Callbacks
Understanding the concepts of a callback as it relates to software engineering and programming in C#

Introduction

This article will touch on the concepts of a callback as it relates to programming in C# for Unity. This article is not intended to be a primary teaching source, rather an exploration of the feature as it relates to typical approaches you might see in Unity scripts.

Learning First

While there are many "code free" tools to help prototype, and many would claim fully create a game with no programming required, you and your users will benefit greatly from a basic level of programming skill. In particular this will be important to achieve a level of quality in terms of your user experience in particular around the use of callbacks, delegates and event driven architectures.
Learning the basics shouldn't be scary at all, and in our opinion can often be done faster and to a higher degree of mastery easier; than the effort involved in learning many of the "Visual Programming" tools. At the end of the day you probably already know how to type, so you already know more about programming than you do about some visual scripting tool since creating code is just literally typing words.
Junior Programmer - Unity Learn
Unity Learn
Unity Learn is a site provided by Unity that helps teach various skills around Unity game development, and the Junior Programmer path is a great starting place for absolutely anyone who will be using Unity at all.

Understanding

If you want a more primary source of learning around the concept, please review sources such as Microsoft's documentation on the subject
Action<T> Delegate (System)
docsmsft
For our purposes the term callback refers to any pattern where in calling some function causes a "callback" to a desired function.
Example
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public void Foo1()
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{
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Debug.Log("Foo1 processing, calling Foo2");
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}
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public void Foo2(Action callback)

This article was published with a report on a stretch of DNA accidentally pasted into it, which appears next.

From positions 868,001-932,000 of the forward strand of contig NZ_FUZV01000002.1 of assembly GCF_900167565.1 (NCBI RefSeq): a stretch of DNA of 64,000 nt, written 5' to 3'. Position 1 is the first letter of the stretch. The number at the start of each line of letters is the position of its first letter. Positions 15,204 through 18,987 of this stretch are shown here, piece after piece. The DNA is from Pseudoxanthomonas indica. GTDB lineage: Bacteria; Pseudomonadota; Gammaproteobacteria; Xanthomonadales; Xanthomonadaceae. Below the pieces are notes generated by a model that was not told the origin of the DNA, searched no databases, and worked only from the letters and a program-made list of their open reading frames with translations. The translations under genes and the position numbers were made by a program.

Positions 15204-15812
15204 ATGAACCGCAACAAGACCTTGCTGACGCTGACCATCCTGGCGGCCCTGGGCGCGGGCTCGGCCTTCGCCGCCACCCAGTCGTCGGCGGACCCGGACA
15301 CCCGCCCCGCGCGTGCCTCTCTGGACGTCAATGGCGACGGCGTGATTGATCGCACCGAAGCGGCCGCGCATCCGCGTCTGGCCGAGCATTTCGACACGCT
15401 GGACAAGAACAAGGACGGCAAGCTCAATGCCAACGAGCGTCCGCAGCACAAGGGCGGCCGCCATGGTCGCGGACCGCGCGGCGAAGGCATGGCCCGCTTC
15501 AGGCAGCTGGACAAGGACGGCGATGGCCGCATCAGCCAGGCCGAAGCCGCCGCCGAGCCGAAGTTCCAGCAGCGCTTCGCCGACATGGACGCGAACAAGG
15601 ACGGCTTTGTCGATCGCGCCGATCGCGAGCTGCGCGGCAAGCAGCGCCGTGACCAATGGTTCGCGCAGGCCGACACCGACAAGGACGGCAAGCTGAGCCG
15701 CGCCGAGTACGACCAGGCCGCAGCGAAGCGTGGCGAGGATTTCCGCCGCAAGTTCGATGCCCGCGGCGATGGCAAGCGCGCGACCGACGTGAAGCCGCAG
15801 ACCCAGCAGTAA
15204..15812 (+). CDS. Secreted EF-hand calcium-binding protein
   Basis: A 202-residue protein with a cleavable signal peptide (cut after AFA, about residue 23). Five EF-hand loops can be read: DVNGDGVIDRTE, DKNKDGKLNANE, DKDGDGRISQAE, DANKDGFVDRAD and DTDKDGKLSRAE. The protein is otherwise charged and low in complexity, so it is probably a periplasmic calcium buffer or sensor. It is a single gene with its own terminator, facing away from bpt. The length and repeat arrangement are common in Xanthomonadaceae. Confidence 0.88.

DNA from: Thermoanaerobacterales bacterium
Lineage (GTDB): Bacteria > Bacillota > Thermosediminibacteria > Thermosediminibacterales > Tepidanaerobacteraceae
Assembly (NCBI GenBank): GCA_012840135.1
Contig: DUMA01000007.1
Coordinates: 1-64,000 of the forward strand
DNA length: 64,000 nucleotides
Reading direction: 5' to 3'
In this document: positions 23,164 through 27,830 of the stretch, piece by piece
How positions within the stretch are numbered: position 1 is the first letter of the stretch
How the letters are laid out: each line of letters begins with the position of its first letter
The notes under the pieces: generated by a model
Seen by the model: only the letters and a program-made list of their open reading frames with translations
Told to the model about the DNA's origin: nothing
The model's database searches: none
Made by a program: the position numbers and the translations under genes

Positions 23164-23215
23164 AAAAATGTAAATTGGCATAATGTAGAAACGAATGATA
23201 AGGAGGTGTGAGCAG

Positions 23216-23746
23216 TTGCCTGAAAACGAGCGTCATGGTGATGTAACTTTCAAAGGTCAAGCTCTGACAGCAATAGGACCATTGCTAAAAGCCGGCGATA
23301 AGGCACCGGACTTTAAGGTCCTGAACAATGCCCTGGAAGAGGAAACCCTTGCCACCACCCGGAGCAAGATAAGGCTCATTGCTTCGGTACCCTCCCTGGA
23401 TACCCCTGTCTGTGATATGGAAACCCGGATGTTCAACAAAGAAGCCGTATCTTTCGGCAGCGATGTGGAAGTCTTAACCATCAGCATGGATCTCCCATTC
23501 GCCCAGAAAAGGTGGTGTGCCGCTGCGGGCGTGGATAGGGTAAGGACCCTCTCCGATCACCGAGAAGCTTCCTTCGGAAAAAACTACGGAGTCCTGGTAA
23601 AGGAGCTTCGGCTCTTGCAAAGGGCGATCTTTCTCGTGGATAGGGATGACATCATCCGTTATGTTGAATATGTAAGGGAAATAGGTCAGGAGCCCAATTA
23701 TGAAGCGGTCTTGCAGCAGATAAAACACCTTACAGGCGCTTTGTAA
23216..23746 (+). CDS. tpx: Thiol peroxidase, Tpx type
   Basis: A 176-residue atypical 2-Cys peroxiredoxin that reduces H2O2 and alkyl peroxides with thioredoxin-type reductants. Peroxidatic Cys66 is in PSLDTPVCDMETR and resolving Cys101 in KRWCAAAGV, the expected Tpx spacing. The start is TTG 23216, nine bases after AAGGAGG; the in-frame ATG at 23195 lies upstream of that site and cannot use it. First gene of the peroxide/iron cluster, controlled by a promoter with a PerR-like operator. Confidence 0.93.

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{
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Debug.Log("Foo2 processing, invoking callback");
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callback?.Invoke();
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}
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public void Foo3()
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{
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Debug.Log("Foo3 processing");
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}
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The above code would result in output such as:
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Foo1 processing, calling Foo2
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Foo2 processing, invoking callback
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Foo3 processing
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Notice in the above code how we call the callback
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callback?.Invoke();
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The question mark there (?) tells the compiler to check for null, if null return null, else call Invoke(); this is the same as writing
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if(callback != null)
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callback();
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Examples

Callbacks are typically used with asynchronous calls, such as calls to web services, other processes or multi-threaded calls. A callback operates much like an event however a callback is for that purpose only where as event is registered to aka "listened to" and may be invoke by any range of processes where a callback is passed into the call that will ultimately invoke it.

Coroutine Example

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public IEnumerator DoPsedoAsyncWorkInUnity(Action callback)
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{
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yield return new WaitForEndOfFrame();
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callback?.Invoke();
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}
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This example would be used with Unity's concept of a coroutine where you would pass in a function to be called when the process completed.
Calling this might look like
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StartCoroutine(DoPsedoAsyncWorkInUnity(HandleWorkDone));
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Where HandleWorkDone is some function in your code.

Passing Parameters

Callbacks can take up to 16 parameters, for example
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public void Foo(Action<string, int, float> callback)
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{
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callback?.Invoke("Hello World", 42, 6.9f);
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}
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Last modified 27d ago